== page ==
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How to Choose Between SEO and PPC (Spoiler: You Don’t Have To)

Valeria
19th August 2014

Choosing where to allocate budget is an incredibly difficult task – especially when it comes to different digital channels. But the truth is that it’s a mistake to choose between them rather than finding great ways to make them work together. It’s best to vary your traffic generating activities online, which is why SEO and PPC need to complement each other rather than being treated as separate (or even mutually exclusive, depending on your budget).

Is Natural SEO Better than PPC?

SEO  Benefits

Practically every aspect of your site has SEO implications, and by improving your SEO you are also improving user journey, user experience, the design, and your content. Ignoring SEO doesn’t just have an impact on your rankings – it has a huge impact on how users interact with your site (and whether or now you meet their expectations).

The major benefit of SEO vs. PPC is that it’s a long-term investment. While the return on PPC is easy to track, it also has a shorter shelflife; once you have spent money on that click, you’ve gained the majority of your return immediately. However, your investment in SEO will keep working for you in a week, a month, 6 months, even a year. SEO is a way of building steady, relevant traffic to your site.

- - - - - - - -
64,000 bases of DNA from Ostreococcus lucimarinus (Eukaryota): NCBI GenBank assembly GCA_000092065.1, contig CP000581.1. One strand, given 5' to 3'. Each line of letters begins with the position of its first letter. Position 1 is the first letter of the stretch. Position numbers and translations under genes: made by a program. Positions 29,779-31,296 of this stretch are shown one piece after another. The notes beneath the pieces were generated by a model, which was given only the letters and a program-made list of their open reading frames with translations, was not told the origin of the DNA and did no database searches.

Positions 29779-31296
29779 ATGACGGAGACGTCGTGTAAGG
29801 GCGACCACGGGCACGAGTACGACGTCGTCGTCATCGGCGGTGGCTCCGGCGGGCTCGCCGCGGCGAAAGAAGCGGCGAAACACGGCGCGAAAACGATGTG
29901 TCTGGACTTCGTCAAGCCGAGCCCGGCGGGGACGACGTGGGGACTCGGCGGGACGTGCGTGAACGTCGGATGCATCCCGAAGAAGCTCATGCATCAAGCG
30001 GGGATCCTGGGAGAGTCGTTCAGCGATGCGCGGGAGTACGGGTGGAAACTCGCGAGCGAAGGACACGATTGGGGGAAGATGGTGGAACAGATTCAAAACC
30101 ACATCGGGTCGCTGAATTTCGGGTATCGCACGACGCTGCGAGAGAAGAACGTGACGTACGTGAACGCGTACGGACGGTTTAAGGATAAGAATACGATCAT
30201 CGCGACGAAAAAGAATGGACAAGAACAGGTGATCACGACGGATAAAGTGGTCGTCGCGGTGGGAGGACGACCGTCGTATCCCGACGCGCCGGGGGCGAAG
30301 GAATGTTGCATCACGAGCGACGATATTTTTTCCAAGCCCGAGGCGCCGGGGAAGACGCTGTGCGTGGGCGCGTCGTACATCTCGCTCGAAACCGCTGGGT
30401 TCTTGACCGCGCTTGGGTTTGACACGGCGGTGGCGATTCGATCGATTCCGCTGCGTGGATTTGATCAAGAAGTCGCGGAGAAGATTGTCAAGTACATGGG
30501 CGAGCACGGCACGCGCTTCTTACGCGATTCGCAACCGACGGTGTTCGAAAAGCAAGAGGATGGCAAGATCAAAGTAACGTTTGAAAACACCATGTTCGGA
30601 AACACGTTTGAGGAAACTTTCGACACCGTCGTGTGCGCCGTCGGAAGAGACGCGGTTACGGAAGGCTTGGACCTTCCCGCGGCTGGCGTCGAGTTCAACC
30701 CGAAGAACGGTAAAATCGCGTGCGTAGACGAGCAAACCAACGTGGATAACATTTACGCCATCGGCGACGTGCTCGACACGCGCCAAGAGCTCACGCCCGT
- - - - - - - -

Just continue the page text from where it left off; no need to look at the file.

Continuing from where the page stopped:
As part of your SEO improvements, you are also improving your value and what you have to offer visitors. That means that the SEO work will improve conversions for traffic from others sources such as social media or referrals. 

In short, the pros of SEO are:

  • Improved conversions from all traffic sources
  • Visibility in search
  • SEO can help you appear in the same search results numerous times (therefore reducing the amount of competition on the page)
  • Improved user experience
  • Quality, relevant traffic
  • Provides more value for visitors
  • Gain traffic from people at different stages of the buying process
  • A long term investment in your site
  • Better ROI in the long term
  • Cheaper leads (leads generated from inbound marketing are up to 60% cheaper than those generated from outbound marketing)

PPC Benefits

The main benefits of PPC are that it is instant and extremely easy to track. Rather than investing months of work into SEO to see the improvements, you can just put up an ad and see the traffic coming in. You can also see simple figures that explain how your ROI works and where the money should be spent. Google’s Adword tools even provide recommendations for increases in spend or different keywords that you could target. As far as simplicity/clarity goes, PPC wins.

Or is it Worse?

SEO Cons

While there are a range of ‘rules’ and best practices for SEO, it’s not an exact science. There are a huge number of factors that mean what works for one site doesn’t work for another – it could be the site’s history, its reputation, or its structure. SEO is highly personalised to every site and is therefore less clear-cut than PPC.

It’s also a slow process – it usually takes a few months to see the full and true impact of SEO work. In that time, the work needs to be maintained and built upon to see real, long-term improvements.  

PPC Cons